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Anthropocene Rag

2.87  ·  Rating details ·  15 ratings  ·  10 reviews
Alex Irvine's Anthropocene Rag is a Huck Finn-meets-Willy Wonka tale of a United States overwhelmed by and remade by renegade nanotechnology ...more
Paperback, 256 pages
Expected publication: March 31st 2020 by
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William Brownridge
Arc provided by NetGalley for review.

If The Wizard of Oz and Blade Runner sat around a campfire telling tales, chances are they'd eventually tell you Anthropocene Rag.

A seemingly random group of six people are given golden tickets to Monument City, a mythical creation somewhere in an American landscape that has been devastated by ecological disasters and a mysterious technology that can create and destroy however it sees fit. Led by an A.I. that is starting to have thoughts of its own, the group
Nicki Markus
Anthropocene Rag has proven a difficult book to review, because I am still not sure how I felt about it. Essentially, I loved the premise and the idea of an AI bringing together a group of people, and there were moments of great humour and fun. However, at the end, I was left asking myself what it had all been about. I also found the narrative voice a little off-putting at times. That said, this book did offer something new and different, and the concept behind it was fresh and fun, so I am ...more
Mar 07, 2020 rated it really liked it  ·  review of another edition
There's a lot going on in this western mythos infused post-singularity-apocalypse-nanotech-travelogue. And it's all good. Anthropocene Rag, gives a new spin to each of those genres, putting them in a blender to come out with something interesting and unique, and because it's Alexander C. Irvine writing it, it's fun to read too.

After AIs emerge and rewrite America with nanotech, it's as though the inside of our collective heads is now on the outside, walking around in fluid instances from
Jeff Cosmi
In a word, different. Im not sure if this was good, I know it wasnt awful, but I know it wasnt that good. The story was all sorts of random and nonsensical weirdness. I found myself let down at the end I wanted to know more about their destination, however I suppose its about the journey not the destination. Ex-Machinas were used through out but honestly it was just that kind of story. ...more
Jan 10, 2020 rated it really liked it  ·  review of another edition
Did we not show you the reverence due a creator? We made ourselves not in your image but in the image of your stories.

This new (? Or new to me) subgenre of nihilistic American dystopias (cf. The Mandibles) is really fascinating. This is the kritik of the US I want to read forever: insightful, cutting, and beautiful.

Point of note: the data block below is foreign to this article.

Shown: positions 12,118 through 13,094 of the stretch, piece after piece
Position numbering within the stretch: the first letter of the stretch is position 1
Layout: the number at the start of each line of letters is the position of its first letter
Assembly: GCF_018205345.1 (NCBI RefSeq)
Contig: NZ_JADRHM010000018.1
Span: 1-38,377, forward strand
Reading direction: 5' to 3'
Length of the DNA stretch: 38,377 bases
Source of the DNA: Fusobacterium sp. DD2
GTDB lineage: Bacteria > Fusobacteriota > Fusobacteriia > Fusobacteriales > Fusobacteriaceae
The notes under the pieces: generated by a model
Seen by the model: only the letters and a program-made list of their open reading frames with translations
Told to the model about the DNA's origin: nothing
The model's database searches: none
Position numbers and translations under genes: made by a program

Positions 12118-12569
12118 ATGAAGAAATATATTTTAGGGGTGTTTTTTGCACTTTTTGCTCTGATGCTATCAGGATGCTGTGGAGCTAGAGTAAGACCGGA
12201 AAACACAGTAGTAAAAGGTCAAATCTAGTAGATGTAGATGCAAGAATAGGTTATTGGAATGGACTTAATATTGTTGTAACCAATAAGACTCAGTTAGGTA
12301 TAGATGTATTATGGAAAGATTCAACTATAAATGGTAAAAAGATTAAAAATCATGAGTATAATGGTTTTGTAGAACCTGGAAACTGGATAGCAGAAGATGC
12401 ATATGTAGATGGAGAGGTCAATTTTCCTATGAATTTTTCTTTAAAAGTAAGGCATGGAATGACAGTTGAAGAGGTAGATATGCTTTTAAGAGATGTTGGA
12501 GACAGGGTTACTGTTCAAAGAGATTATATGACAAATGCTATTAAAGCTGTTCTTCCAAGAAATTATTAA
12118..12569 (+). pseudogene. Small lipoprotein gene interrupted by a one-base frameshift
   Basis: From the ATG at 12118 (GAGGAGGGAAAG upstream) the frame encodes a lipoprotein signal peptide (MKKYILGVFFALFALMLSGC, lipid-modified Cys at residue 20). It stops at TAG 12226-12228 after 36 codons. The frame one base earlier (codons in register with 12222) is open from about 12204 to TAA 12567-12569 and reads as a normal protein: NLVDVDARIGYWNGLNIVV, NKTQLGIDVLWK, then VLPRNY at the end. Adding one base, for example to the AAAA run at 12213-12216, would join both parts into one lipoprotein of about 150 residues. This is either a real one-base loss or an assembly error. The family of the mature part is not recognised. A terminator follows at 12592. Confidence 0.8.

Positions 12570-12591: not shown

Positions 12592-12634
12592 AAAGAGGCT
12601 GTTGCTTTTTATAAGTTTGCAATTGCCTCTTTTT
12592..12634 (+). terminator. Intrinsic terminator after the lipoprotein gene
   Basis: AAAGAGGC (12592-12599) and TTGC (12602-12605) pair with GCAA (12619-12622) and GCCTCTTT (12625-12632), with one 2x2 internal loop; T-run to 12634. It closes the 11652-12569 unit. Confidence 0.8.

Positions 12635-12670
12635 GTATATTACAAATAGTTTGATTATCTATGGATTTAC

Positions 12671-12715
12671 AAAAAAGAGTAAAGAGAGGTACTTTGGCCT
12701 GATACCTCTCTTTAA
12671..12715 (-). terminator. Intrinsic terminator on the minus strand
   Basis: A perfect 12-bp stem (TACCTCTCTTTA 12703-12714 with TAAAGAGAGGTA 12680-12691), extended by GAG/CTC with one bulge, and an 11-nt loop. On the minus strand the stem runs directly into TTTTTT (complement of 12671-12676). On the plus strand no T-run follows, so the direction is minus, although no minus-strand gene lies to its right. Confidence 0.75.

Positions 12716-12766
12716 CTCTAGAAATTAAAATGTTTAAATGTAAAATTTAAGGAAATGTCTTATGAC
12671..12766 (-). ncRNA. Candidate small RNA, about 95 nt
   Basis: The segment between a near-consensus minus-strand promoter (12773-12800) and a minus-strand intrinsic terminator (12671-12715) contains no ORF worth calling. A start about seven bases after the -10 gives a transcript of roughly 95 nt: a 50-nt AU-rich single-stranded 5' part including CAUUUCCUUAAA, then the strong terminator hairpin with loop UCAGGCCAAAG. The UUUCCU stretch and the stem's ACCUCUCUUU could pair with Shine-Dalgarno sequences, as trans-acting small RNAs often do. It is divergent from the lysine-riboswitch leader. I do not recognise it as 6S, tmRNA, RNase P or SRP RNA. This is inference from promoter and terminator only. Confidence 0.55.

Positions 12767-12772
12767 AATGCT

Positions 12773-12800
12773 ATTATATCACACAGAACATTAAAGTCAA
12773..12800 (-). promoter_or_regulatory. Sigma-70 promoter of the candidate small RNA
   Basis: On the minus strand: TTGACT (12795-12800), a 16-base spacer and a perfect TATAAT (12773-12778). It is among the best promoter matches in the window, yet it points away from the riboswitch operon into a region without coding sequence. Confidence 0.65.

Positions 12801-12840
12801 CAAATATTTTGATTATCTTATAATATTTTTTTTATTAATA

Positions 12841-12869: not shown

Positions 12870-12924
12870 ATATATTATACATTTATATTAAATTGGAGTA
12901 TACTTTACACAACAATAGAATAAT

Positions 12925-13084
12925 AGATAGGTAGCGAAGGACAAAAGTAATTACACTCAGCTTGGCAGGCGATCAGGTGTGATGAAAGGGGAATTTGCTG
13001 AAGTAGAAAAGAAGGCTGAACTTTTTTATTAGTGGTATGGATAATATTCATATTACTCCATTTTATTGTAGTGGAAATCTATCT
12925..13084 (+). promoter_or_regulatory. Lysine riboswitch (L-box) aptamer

Shannon (It Starts At Midnight)
You can find the full review and all the fancy and/or randomness that accompanies it at It Starts at Midnight

This was... bizarre, for lack of a better word. That isn't a bad thing! It's just how it is. As a whole, there were a lot of things I enjoyed about this one, and a few things that left me wanting more (or wanting to understand more, perhaps). So let's break them down!

The Stuff I Liked:

In is unarguably unique. I mean, can I even explain this? It is quite simply like nothing else I have
Hannah L
Mar 28, 2020 rated it really liked it
A Review of Anthropocene Rag by Alex Irvine

This novella is described, right on the cover, as being part Willy Wonka and part Huckleberry Finn, and let me say, that description is exceedingly accurate. Its a description that, at face value, I feel like I should enjoy, but ultimately this sci-fi dystopian novella about magical realism and robots left me wanting more.

About 90% of the novella follows six people from across America as they make their way to a city in the Rockies that has become
Greg Chatham
Mar 20, 2020 rated it did not like it
I don't normally provide this caveat because I think reviews should speak for themselves. But I received an advanced review copy of this book, and I eagerly await its publication. I'm sure there will be people who really like it and maybe the Internet can tell me what I'm missing.

At first I thought what I was missing was the rest of the book. I've re-read the last chapter a couple times now, and the book just stops. The characters reach their destination and that's it. I get the idea (AI
Hannah Bennett
Mar 16, 2020 rated it it was ok
When I read the synopsis for Anthropocene Rag, months ago, I was so excited to get my hands on this book. Dystopian setting, roaming monsters, sentient AI, religious themes-- these are things I love most in speculative fiction!

To say that I'm beyond bummed that this book didn't work for me is an understatement. There were so many characters following so many storylines and so many different narrative voices throughout the book. Ultimately, I think the sheer number of characters and storylines
Stephanie Biek
Mar 09, 2020 rated it it was ok
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Alexander C. Irvine is an American fantasist and science fiction writer. He also writes under the pseudonym Alex Irvine. He first gained attention with his novel A Scattering of Jades and the stories that would form the collection Unintended Consequences. He has also published the Grail quest novel One King, One Soldier, and the World War II-era historical fantasy The Narrows.

In addition to his

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